source: chapter10/kernel.xml@ 602a01f

multilib-10.1
Last change on this file since 602a01f was 602a01f, checked in by Thomas Trepl <thomas@…>, 15 months ago

Merge changes from trunk to multilib

git-svn-id: http://svn.linuxfromscratch.org/LFS/branches/multilib@12041 4aa44e1e-78dd-0310-a6d2-fbcd4c07a689

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1<?xml version="1.0" encoding="ISO-8859-1"?>
2<!DOCTYPE sect1 PUBLIC "-//OASIS//DTD DocBook XML V4.5//EN"
3 "http://www.oasis-open.org/docbook/xml/4.5/docbookx.dtd" [
4 <!ENTITY % general-entities SYSTEM "../general.ent">
5 %general-entities;
6]>
7
8<sect1 id="ch-bootable-kernel" role="wrap">
9 <?dbhtml filename="kernel.html"?>
10
11 <sect1info condition="script">
12 <productname>kernel</productname>
13 <productnumber>&linux-version;</productnumber>
14 <address>&linux-url;</address>
15 </sect1info>
16
17 <title>Linux-&linux-version;</title>
18
19 <indexterm zone="ch-bootable-kernel">
20 <primary sortas="a-Linux">Linux</primary>
21 </indexterm>
22
23 <sect2 role="package">
24 <title/>
25
26 <para>The Linux package contains the Linux kernel.</para>
27
28 <segmentedlist>
29 <segtitle>&buildtime;</segtitle>
30 <segtitle>&diskspace;</segtitle>
31
32 <seglistitem>
33 <seg>&linux-knl-sbu;</seg>
34 <seg>&linux-knl-du;</seg>
35 </seglistitem>
36 </segmentedlist>
37
38 </sect2>
39
40 <sect2 role="installation">
41 <title>Installation of the kernel</title>
42
43 <para>Building the kernel involves a few steps&mdash;configuration,
44 compilation, and installation. Read the <filename>README</filename> file
45 in the kernel source tree for alternative methods to the way this book
46 configures the kernel.</para>
47
48 <para>Prepare for compilation by running the following command:</para>
49
50<screen><userinput remap="pre">make mrproper</userinput></screen>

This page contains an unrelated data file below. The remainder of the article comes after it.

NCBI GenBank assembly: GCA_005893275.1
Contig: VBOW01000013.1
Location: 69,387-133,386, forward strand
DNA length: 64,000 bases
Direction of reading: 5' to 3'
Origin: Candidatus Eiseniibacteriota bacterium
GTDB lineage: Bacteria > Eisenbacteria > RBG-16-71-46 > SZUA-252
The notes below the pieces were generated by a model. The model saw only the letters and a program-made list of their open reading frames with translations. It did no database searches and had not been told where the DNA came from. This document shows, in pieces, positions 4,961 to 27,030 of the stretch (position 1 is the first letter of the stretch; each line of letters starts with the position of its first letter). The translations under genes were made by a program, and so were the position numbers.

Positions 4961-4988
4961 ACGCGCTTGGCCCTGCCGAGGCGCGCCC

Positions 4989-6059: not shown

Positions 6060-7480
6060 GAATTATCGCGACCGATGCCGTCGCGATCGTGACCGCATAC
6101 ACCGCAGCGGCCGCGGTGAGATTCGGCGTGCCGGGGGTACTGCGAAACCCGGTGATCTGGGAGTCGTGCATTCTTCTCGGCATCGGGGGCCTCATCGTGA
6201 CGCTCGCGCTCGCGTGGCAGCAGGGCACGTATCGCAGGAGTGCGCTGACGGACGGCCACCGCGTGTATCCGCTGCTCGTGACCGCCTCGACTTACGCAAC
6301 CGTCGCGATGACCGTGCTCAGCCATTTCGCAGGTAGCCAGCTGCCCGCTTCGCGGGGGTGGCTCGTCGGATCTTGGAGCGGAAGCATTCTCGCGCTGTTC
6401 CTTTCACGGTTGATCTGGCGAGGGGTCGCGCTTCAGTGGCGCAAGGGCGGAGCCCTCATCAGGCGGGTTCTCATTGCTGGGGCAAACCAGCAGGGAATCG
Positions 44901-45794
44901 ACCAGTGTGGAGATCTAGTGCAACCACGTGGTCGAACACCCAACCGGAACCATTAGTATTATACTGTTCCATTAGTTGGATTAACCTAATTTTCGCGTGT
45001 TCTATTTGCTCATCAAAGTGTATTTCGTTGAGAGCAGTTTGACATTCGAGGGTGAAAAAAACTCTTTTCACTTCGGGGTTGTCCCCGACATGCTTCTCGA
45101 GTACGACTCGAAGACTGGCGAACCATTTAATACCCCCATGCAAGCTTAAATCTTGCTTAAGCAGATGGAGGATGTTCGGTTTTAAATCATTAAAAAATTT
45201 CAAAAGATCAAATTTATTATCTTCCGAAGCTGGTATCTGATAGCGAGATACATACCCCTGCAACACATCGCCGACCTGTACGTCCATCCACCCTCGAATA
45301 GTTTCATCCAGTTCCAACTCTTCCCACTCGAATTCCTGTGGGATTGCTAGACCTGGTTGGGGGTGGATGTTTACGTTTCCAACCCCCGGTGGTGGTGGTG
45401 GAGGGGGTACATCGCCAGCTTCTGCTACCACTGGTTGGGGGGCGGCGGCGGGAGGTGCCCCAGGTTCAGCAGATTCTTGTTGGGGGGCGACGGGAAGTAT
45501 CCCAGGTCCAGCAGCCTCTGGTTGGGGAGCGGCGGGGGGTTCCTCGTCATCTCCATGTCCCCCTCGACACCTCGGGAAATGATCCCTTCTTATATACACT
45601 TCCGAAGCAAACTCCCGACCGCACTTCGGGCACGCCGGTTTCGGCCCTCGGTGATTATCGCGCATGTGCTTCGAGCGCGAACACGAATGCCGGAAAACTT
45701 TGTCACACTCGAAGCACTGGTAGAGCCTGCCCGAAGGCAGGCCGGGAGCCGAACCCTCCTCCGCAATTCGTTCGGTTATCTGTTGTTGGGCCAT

51
52 <para>This ensures that the kernel tree is absolutely clean. The
53 kernel team recommends that this command be issued prior to each
54 kernel compilation. Do not rely on the source tree being clean after
55 un-tarring.</para>
56
57 <para>There are several ways to configure the kernel options. Usually,
58 This is done through a menu-driven interface, for example:</para>
59
60<screen role="nodump"><userinput>make menuconfig</userinput></screen>
61
62 <variablelist>
63 <title>The meaning of optional make environment variables:</title>
64
65 <varlistentry>
66 <term><parameter>LANG=&lt;host_LANG_value&gt; LC_ALL=</parameter></term>
67 <listitem>
68 <para>This establishes the locale setting to the one used on the
69 host. This may be needed for a proper menuconfig ncurses interface
70 line drawing on a UTF-8 linux text console.</para>
71
72 <para>If used, be sure to replace
73 <replaceable>&lt;host_LANG_value&gt;</replaceable> by the value of
74 the <envar>$LANG</envar> variable from your host. You can
75 alternatively use instead the host's value of <envar>$LC_ALL</envar>
76 or <envar>$LC_CTYPE</envar>.</para>
77 </listitem>
78 </varlistentry>
79
80 <varlistentry>
81 <term><command>make menuconfig</command></term>
82 <listitem>
83 <para>This launches an ncurses menu-driven interface. For other
84 (graphical) interfaces, type <command>make help</command>.</para>
85 </listitem>
86 </varlistentry>
87 </variablelist>
88
89 <!-- Support for compiling a keymap into the kernel is deliberately removed -->
90
91 <para>For general information on kernel configuration see <ulink
92 url="&hints-root;kernel-configuration.txt"/>. BLFS has some information
93 regarding particular kernel configuration requirements of packages outside
94 of LFS at <ulink
95 url="&blfs-book;longindex.html#kernel-config-index"/>. Additional
96 information about configuring and building the kernel can be found at
97 <ulink url="http://www.kroah.com/lkn/"/> </para>
98
99 <note>
100
101 <para>A good starting place for setting up the kernel configuration is to
102 run <command>make defconfig</command>. This will set the base
103 configuration to a good state that takes your current system architecture
104 into account.</para>
105
106 <para>Be sure to enable/disable/set the following features or the system might
107 not work correctly or boot at all:</para>
108
109 <screen role="nodump" revision="sysv">Device Drivers ---&gt;
110 Generic Driver Options ---&gt;
111 [ ] Support for uevent helper [CONFIG_UEVENT_HELPER]
112 [*] Maintain a devtmpfs filesystem to mount at /dev [CONFIG_DEVTMPFS]</screen>
113
114 <screen role="nodump" revision="systemd">General setup -->
115 [*] Control Group support [CONFIG_CGROUPS]
116 [ ] Enable deprecated sysfs features to support old userspace tools [CONFIG_SYSFS_DEPRECATED]